The biggest complaint of the #wheresRey movement, however, is more centered around the lack of Rey in stores now. When my friend drew my attention to this problem in her local Target store, I decided to do some sleuthing.
I actually spoke to a purchasing manager who works with Hasbro and asked him about the number of Force Awakens toys Hasbro produced featuring Rey, and what I learned is that since Force Friday, every major TFA action figure line has featured Rey in some fashion. From the Black Series 6-inch figures to the Hero Series 12-inch figures, Rey appeared in every line and almost every wave of figures produced.
However, what some fans don’t realize is that Rey figures couldn’t be bought by the truckful; when a store purchases figures, they get them in assortments featuring several different characters in one box, and in all of the assortments featuring Rey, she appeared in equal proportion to the male figures. What that means is that if you owned a toy store and you decided to buy an assortment of TFA figures, you would get a box of Rey, Finn, Kylo Ren, or whoever else was featured in that wave of toys, and in an equal number of each. Hasbro didn’t intentionally make “fewer” Rey toys.
So where’s Rey? It’s likely that she is actually sold out in every store where she is “missing.” Rey toys are unavailable because they are at home with fans and collectors, not out of production.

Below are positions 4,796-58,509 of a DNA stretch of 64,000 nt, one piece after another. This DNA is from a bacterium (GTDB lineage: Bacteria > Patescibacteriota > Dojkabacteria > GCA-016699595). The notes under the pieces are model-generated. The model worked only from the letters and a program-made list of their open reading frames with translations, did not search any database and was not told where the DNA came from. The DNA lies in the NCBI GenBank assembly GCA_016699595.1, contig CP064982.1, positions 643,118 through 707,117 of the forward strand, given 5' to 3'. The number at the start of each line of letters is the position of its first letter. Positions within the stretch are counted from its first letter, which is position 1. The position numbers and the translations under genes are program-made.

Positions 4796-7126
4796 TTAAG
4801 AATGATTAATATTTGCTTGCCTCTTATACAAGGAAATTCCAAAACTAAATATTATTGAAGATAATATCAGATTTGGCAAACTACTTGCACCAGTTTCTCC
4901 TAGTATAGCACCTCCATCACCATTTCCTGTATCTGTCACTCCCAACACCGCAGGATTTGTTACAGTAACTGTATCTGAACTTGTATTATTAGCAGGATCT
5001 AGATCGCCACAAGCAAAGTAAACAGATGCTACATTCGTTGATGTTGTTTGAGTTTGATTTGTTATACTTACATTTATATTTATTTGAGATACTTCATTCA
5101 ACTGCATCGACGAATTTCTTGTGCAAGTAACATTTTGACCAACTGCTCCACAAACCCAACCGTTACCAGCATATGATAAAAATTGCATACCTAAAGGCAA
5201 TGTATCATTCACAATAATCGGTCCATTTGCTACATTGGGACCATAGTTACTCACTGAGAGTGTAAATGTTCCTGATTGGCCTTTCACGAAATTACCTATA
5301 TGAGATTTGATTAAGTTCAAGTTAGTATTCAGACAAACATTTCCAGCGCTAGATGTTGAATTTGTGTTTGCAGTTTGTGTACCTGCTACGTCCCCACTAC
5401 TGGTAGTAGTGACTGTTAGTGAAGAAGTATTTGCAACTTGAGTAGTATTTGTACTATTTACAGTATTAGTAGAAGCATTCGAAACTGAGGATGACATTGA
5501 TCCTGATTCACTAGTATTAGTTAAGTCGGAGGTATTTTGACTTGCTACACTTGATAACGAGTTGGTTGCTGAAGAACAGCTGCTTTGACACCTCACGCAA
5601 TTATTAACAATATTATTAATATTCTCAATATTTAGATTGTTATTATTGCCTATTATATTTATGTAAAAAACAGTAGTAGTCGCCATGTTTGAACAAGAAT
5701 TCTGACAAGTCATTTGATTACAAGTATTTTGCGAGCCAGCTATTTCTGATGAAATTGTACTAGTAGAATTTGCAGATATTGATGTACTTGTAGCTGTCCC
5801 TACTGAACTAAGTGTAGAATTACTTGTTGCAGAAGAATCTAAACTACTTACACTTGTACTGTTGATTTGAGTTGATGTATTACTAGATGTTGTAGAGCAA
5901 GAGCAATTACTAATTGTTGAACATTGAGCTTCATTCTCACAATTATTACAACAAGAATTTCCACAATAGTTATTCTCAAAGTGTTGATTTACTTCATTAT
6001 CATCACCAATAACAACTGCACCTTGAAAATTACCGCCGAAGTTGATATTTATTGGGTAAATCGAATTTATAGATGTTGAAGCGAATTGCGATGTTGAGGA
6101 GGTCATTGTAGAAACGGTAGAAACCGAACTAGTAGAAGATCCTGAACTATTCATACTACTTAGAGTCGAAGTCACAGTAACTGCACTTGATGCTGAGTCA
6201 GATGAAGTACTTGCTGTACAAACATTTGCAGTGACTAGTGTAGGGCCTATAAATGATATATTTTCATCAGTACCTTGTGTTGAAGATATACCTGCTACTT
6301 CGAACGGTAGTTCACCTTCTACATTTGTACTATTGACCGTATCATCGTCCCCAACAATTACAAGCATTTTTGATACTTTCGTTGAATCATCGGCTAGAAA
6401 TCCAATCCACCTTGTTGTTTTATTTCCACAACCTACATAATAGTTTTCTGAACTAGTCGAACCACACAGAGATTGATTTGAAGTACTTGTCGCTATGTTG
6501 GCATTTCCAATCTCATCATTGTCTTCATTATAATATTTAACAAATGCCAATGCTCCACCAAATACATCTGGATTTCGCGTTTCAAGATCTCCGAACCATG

People have expressed to me that they are unsure where Rey figures would even be on the shelves, but from my observations, it is unlikely that the price cards will be labeled “Rey figure”; instead, they indicate the name of the assortment to which that row or rack of toys belongs, so the idea that there’s a Rey-shaped hole in the toy section at Walmart is untrue.
Given the sheer number of assortments a store would have to buy in order to keep up with the demand for Rey, you can see why there is a disproportionally high number of figures of who aren’t Rey left.
I went to Target and saw quite a few Constable Zuvio 6-inch figures left, with only one each of Poe and Finn. The Hasbro purchasing manager indicated to me that, because there are limited numbers of Rey figures per assortment, big superstores like Target and Walmart were likely to run out of the major characters before the holidays, and were less likely to be diligent in refilling the shelves as some specialty toy stores; they didn’t see the value in getting a whole new assortment just for one or two characters just to have a lot of extra stock to get rid of or inventory come the New Year.
Heck, I’m going on a small tangent here: I think it’s important to remind consumers that, in general, there are going to be a lot more male figures on the shelves. The original trilogy had Leia and Mon Mothma and that was it. Padmé had a little bit more estrogen in her company in the prequel trilogy (and like a billion outfits), but the current merchandise seems to focus on the popular classic characters, like Luke and Vader, and the new iconic figures, like BB-8, Kylo Ren, and the Stormtroopers. That means that, even if she weren’t sold out everywhere, Rey is essentially occupying an intergallatic sausage fest, just because the sheer number of male (or functionally genderless, in the case of the Stormtroopers) characters in the series dwarfs the number of Reys.